A former top executive of the Los Angeles Department of Water and Power made his first court appearance Friday on charges of accepting bribes from a lawyer in exchange for supporting a $30-million, no-bid DWP contract and was allowed to remain free on his own recognizance.

David H. Wright, 62, of Riverside — who appeared in Los Angeles federal court via Zoom — previously agreed to plead guilty to a bribery charge on a date to be determined.

The brief initial appearance before a magistrate judge in downtown Los Angeles was a formality in which a not-guilty plea was entered and Wright’s case was referred to U.S. District Judge Percy Anderson for future proceedings.

Anthony Pacheco, Wright’s attorney, did not immediately respond to a request for comment.

Wright admitted accepting kickbacks and participating in other “corrupt schemes” while leading the municipal utility, according to his plea agreement.

The lawyer named in the case, Paul Paradis, has also agreed to plead guilty to a federal bribery count as part of a wide-ranging — and “ongoing” — probe of the city’s handling of the botched launch of a DWP billing system.

The cases against Wright and Paradis are believed to be the first criminal charges arising out of the investigation into the billing system rollout and subsequent litigation. The failed system led to many customers receiving wildly inflated bills.

A DWP representative did not respond to a request for comment.

Wright was the DWP general manager from September 2016 until July 2019, when prosecutors say he resigned “at the direction” of Mayor Eric Garcetti.

According to prosecutors, Wright developed a relationship with Paradis, an Arizona attorney hired by the City Attorney’s Office to represent the city in litigation against the contractor involved in the introduction of the 2013 billing system.

Paradis and his New York-based law firm also had a $6 million DWP contract to provide project management services in efforts to repair the faulty billing system. At the same time, however, Paradis was representing a DWP customer who planned to sue the city over the system.

Paradis admitted in his plea agreement that he accepted a nearly $2.2 million kickback for getting another attorney to represent his ratepayer client in the lawsuit against DWP — a suit that ultimately resulted in a universal, class-action settlement that critics contended was overly favorable to the city.

Paradis, 58, is expected to make his first federal court appearance before a magistrate judge on Thursday.

According to prosecutors, Wright and Paradis struck a deal in early 2017, with Wright supporting a “no-bid” $30 million DWP contract for Paradis’ downtown Los Angeles-based company Aventador Utility Services LLC, while Paradis agreed to give Wright a million-dollar-per-year job as Aventador’s CEO once he left the DWP. The deal also included a luxury company car for Wright, officials said.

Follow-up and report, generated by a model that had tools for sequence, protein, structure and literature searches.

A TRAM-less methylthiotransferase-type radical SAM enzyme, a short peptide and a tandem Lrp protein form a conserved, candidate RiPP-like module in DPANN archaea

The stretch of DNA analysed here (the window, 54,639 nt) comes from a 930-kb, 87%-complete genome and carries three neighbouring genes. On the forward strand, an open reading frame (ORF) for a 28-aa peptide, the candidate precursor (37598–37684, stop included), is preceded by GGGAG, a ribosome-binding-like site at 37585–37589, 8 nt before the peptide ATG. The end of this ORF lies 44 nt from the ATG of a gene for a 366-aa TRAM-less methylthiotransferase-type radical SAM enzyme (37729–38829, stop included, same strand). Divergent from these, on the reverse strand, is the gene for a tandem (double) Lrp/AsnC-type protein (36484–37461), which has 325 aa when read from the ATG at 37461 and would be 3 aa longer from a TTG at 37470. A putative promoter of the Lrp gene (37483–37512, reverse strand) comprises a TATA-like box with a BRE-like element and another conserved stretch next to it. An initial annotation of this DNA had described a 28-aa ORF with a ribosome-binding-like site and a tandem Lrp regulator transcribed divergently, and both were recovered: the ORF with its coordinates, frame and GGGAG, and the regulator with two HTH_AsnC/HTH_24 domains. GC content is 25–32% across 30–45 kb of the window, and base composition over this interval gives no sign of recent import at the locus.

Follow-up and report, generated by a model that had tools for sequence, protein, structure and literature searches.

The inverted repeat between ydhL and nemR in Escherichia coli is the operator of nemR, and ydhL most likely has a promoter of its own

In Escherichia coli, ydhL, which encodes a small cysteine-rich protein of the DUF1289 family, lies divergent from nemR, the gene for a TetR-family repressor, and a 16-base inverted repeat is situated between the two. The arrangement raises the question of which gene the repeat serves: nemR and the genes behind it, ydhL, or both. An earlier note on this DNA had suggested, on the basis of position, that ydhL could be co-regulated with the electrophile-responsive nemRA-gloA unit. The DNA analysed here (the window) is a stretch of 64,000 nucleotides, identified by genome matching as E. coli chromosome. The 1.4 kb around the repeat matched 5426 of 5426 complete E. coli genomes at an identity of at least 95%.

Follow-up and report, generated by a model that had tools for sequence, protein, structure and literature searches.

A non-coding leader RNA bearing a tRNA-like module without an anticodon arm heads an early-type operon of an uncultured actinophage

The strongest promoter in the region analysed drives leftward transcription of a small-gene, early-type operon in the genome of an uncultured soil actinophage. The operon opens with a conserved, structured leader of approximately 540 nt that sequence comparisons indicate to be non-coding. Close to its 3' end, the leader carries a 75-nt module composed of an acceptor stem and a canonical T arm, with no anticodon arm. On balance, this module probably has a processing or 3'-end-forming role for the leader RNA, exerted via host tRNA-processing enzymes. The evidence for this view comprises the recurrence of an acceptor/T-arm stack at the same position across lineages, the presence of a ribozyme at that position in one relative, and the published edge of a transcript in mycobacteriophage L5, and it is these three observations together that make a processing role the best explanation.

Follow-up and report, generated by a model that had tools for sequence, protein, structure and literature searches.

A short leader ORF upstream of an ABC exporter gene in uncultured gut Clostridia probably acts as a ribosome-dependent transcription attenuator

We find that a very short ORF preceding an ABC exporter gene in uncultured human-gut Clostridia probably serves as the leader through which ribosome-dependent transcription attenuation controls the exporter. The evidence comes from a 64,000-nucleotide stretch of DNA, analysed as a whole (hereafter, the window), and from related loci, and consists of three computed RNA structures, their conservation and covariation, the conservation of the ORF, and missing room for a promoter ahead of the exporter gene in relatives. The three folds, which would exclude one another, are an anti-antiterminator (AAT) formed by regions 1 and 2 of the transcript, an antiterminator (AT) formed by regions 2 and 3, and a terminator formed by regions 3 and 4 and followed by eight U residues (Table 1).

Wright also lobbied members of the DWP board of directors to support the contact for Aventador, whose company name was taken from a model of Lamborghini sports car, according to his plea deal.

In his plea deal, Wright admits that he lied to federal investigators in June 2019 when he told them he did not have any financial or business interest tied to Paradis. He also admitted destroying evidence to thwart to the federal probe.

After the faulty billing system was unveiled, the city and utility faced multiple class-action lawsuits filed by ratepayers alleging harm resulting from the program.

In December 2014, the City Attorney’s Office retained Paradis and Beverly Hills lawyer Paul R. Kiesel as special counsel to represent the city in a lawsuit meant to be used to settle all related claims on the city’s desired terms, according to federal prosecutors.

Kiesel is cooperating with the investigation and is not charged with any wrongdoing.

Prosecutors contend that when Paradis began representing the city as special counsel in the litigation against PricewaterhouseCoopers over the company’s handling of the DWP billing system rollout, city prosecutors were aware that he was already representing Antwon Jones, a ratepayer who had a claim against the utility arising from billing overcharges.

But Jones was unaware that his lawyer, Paradis, also represented his intended adversary, according to court filings.

At a February 2015 meeting with at least one unnamed senior member of the City Attorney’s Office, Paradis and Kiesel were authorized and directed to find an attorney that would be friendly to the city to supposedly represent Jones, federal prosecutors allege.

City Attorney Mike Feuer said when Paradis was charged last month that he was angry at what the attorney admitted to doing.

“I am beyond outraged that anyone would breach their duties to the public we serve, as this plea agreement reflects,” he said in a statement.

“As public servants, integrity must be our watchword, our guiding principle. At the end of the day, that’s all we have. We can have no tolerance for betraying the public trust.”

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